MRI machine [illustrative].
(photo credit: INGIMAGE)
A Parkinson’s disease patient wanted to take advantage of a new treatment for tremor offered only at Haifa’s Rambam Medical Center.
But he had a problem. He suffers from claustrophobia, and lying in a noisy, dark “tunnel” while being scanned was too much even to contemplate.
The treatment, with a device by the Insightec company, uses a focused ultrasound beam to cauterize a piece of the brain responsible for the severe tremor that is caused by Parkinson’s disease. The beam is focused with exactitude of a hundredth of a millimeter deep into the brain, eliminating the need for incision.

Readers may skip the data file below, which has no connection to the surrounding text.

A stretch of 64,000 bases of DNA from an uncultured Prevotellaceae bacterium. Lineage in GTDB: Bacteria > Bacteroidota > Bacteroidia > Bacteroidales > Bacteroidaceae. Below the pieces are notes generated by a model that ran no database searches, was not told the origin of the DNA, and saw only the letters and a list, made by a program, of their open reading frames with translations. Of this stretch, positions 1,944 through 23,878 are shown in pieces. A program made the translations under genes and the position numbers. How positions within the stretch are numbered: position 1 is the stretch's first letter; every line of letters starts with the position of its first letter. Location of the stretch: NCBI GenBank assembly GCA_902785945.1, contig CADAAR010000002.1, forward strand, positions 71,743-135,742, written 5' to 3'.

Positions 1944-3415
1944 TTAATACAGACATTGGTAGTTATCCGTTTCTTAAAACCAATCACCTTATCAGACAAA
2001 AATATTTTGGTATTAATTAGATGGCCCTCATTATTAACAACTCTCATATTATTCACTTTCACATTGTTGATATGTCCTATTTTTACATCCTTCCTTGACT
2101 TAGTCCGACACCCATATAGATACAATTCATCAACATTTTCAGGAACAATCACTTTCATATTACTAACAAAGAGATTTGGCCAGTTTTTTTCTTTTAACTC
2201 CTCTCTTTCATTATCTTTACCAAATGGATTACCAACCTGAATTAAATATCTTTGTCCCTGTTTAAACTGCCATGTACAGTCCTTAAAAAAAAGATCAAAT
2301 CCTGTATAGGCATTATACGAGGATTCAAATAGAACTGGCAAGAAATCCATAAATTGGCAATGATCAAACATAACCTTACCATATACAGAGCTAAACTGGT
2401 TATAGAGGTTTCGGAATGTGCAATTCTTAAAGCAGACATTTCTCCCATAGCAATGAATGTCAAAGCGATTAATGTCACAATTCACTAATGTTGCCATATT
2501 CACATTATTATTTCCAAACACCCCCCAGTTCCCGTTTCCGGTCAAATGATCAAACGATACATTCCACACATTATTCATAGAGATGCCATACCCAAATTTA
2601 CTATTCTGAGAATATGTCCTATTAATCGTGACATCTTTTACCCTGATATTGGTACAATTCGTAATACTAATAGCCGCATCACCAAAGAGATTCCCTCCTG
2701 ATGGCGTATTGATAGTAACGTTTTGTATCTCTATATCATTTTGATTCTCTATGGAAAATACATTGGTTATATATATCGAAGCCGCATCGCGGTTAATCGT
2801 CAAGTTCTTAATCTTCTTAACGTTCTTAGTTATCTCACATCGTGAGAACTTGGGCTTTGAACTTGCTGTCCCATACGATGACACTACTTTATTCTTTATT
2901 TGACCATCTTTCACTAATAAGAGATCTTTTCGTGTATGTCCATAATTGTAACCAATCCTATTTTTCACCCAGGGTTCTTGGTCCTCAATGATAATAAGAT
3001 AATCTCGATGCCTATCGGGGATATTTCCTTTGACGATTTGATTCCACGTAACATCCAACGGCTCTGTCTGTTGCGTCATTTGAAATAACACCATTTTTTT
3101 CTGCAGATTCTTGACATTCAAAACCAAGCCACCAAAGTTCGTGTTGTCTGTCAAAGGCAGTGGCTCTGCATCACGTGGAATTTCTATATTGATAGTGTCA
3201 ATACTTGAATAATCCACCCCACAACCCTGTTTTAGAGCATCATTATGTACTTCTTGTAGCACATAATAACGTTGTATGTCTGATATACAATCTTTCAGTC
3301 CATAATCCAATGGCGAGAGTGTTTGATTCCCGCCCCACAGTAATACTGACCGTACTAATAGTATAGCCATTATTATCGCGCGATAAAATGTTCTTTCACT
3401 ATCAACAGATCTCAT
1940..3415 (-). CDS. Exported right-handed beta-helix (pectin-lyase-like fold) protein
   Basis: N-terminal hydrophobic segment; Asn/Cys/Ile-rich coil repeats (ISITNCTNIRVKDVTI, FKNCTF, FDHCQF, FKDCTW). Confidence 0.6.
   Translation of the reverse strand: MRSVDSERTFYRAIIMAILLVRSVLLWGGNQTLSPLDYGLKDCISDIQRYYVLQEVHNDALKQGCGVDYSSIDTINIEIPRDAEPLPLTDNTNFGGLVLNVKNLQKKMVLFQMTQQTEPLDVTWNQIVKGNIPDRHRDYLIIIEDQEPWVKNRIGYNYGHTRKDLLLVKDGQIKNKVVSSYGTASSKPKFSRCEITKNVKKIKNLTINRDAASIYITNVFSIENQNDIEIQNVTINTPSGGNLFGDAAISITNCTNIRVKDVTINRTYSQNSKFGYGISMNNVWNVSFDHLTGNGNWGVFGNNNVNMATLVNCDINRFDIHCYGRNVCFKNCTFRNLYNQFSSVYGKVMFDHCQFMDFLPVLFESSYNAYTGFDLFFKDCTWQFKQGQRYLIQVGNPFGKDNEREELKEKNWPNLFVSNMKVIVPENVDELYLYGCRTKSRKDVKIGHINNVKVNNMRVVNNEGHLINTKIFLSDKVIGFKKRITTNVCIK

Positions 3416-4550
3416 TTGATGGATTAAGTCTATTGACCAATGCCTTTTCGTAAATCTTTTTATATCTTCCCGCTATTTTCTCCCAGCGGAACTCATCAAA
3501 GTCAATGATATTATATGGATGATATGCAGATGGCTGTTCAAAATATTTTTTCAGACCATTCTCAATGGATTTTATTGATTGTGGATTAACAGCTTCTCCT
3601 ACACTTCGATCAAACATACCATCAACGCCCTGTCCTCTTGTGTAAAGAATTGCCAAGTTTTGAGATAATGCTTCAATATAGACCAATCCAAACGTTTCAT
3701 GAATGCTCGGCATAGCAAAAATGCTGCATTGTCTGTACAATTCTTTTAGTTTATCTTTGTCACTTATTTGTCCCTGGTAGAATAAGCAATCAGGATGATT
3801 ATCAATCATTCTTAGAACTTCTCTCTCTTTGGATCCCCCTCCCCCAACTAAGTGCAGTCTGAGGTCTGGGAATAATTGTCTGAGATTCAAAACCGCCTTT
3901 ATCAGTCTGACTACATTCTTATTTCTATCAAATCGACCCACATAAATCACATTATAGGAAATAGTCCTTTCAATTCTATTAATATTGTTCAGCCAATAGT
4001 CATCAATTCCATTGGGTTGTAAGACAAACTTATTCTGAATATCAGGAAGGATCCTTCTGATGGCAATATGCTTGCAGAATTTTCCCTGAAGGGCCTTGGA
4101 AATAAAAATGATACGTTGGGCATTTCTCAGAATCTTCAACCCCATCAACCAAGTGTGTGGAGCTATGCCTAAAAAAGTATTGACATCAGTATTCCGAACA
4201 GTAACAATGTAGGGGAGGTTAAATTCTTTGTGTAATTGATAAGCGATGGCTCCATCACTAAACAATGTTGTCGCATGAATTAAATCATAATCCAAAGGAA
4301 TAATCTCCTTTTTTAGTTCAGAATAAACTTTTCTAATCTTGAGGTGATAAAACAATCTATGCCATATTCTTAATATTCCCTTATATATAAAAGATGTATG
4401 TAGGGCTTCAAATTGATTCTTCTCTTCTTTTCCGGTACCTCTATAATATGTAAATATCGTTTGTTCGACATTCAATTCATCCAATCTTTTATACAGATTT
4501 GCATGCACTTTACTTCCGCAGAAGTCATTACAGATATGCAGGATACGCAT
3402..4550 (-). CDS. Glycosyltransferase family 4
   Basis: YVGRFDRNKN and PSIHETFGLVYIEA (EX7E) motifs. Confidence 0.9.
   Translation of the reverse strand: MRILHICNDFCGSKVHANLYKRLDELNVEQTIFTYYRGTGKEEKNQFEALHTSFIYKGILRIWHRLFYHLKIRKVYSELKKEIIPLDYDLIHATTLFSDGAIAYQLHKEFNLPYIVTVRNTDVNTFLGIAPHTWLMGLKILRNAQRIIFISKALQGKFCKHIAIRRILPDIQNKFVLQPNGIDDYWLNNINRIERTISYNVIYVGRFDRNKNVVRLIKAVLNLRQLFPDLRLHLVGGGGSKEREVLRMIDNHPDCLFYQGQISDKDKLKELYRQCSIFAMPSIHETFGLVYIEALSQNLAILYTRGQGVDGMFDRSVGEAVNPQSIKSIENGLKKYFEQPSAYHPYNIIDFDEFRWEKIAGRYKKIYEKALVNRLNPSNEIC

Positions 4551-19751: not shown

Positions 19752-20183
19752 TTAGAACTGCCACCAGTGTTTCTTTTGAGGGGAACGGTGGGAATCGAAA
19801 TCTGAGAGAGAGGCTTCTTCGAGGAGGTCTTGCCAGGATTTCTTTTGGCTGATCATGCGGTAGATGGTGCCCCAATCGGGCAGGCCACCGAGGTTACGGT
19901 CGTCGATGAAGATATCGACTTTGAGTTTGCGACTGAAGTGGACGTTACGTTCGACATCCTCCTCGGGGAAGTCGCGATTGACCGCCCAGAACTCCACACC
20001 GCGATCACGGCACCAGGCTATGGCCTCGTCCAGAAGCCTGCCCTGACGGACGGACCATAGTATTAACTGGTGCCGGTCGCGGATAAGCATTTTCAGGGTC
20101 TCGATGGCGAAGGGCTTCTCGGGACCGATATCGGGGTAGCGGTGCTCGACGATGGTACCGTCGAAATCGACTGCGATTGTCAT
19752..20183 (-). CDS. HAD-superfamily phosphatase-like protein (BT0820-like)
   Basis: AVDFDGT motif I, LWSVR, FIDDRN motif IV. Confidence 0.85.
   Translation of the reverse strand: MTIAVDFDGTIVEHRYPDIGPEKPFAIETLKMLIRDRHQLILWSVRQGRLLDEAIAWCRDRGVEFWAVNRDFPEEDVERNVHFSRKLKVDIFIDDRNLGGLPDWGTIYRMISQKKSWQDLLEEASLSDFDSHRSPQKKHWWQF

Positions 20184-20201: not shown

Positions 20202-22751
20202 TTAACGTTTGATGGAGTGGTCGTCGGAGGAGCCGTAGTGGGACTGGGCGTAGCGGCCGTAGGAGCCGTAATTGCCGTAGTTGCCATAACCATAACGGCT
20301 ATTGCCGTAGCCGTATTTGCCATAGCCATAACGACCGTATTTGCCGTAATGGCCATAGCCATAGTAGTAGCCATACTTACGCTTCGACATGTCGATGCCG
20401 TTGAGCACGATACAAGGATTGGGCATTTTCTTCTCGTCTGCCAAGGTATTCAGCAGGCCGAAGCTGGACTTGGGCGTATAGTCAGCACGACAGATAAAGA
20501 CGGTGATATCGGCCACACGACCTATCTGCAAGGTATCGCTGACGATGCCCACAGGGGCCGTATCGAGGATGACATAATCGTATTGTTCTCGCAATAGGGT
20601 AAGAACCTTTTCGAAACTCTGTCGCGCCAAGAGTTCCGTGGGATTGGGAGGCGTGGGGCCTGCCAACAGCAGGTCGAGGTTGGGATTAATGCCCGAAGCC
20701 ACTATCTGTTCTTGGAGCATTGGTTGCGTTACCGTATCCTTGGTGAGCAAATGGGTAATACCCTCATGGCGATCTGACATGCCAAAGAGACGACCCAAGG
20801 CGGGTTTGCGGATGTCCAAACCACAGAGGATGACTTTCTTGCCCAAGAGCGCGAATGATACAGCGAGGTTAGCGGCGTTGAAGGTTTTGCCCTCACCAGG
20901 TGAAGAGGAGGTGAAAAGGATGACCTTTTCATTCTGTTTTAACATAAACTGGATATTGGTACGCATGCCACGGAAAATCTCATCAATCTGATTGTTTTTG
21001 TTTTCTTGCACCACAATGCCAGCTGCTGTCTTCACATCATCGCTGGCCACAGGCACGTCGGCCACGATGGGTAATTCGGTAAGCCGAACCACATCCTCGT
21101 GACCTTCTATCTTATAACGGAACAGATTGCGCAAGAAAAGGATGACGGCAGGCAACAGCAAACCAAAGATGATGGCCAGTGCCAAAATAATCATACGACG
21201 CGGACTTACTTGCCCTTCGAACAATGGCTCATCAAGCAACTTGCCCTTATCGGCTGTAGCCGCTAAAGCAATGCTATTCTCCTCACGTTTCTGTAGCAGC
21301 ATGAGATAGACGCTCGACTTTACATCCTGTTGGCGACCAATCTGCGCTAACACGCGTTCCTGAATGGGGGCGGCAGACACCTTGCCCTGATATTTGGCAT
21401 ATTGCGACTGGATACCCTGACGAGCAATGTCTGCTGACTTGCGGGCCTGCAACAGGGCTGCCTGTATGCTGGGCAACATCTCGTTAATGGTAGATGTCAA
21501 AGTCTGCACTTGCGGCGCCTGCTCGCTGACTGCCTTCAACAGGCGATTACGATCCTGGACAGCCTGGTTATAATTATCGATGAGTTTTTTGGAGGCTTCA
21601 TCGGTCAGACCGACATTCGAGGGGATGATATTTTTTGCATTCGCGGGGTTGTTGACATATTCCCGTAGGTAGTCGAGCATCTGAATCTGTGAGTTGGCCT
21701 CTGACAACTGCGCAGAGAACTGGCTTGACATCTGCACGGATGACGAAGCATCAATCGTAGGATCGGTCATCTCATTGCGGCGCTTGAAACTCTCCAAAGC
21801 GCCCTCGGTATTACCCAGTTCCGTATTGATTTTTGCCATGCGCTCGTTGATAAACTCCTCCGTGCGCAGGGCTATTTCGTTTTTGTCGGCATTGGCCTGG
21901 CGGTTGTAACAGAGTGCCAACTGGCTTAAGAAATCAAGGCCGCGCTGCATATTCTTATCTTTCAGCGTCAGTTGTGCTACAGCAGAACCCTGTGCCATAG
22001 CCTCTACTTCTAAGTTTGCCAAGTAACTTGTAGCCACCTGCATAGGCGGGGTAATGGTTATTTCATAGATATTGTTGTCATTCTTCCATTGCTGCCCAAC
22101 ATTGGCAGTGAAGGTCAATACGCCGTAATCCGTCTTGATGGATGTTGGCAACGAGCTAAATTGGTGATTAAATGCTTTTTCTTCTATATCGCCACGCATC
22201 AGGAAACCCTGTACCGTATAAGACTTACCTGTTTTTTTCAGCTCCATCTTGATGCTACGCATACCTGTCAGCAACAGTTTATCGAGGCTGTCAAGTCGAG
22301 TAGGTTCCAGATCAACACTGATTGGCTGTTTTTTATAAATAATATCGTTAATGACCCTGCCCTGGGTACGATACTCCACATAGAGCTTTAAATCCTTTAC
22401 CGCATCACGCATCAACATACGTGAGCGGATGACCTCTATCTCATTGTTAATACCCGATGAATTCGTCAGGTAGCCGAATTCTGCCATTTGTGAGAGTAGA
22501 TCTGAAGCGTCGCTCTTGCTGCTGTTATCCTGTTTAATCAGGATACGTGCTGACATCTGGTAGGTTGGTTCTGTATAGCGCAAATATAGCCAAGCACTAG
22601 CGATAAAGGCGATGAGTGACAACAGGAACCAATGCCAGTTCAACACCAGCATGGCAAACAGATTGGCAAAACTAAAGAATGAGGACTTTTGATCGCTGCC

Rambam said it is the first in Israel and only the second in the world to adopt the technology, and it has already carried out procedures on 50 patients, 95% of them with a successful result.
But the patient in question said he was unable to remain in the scanner even momentarily, and he would have to lie there for over an hour. He underwent special training at Rambam to hypnotize himself. The staff – who are used to seeing fearful patients give up before entering the MRI, were skeptical, but he in fact lay there without moving for the necessary amount of time.
When it was over, he got up, looked at his right hand that previously suffered from severe shaking, and saw it was steady. He was sent home with a smile on his face.
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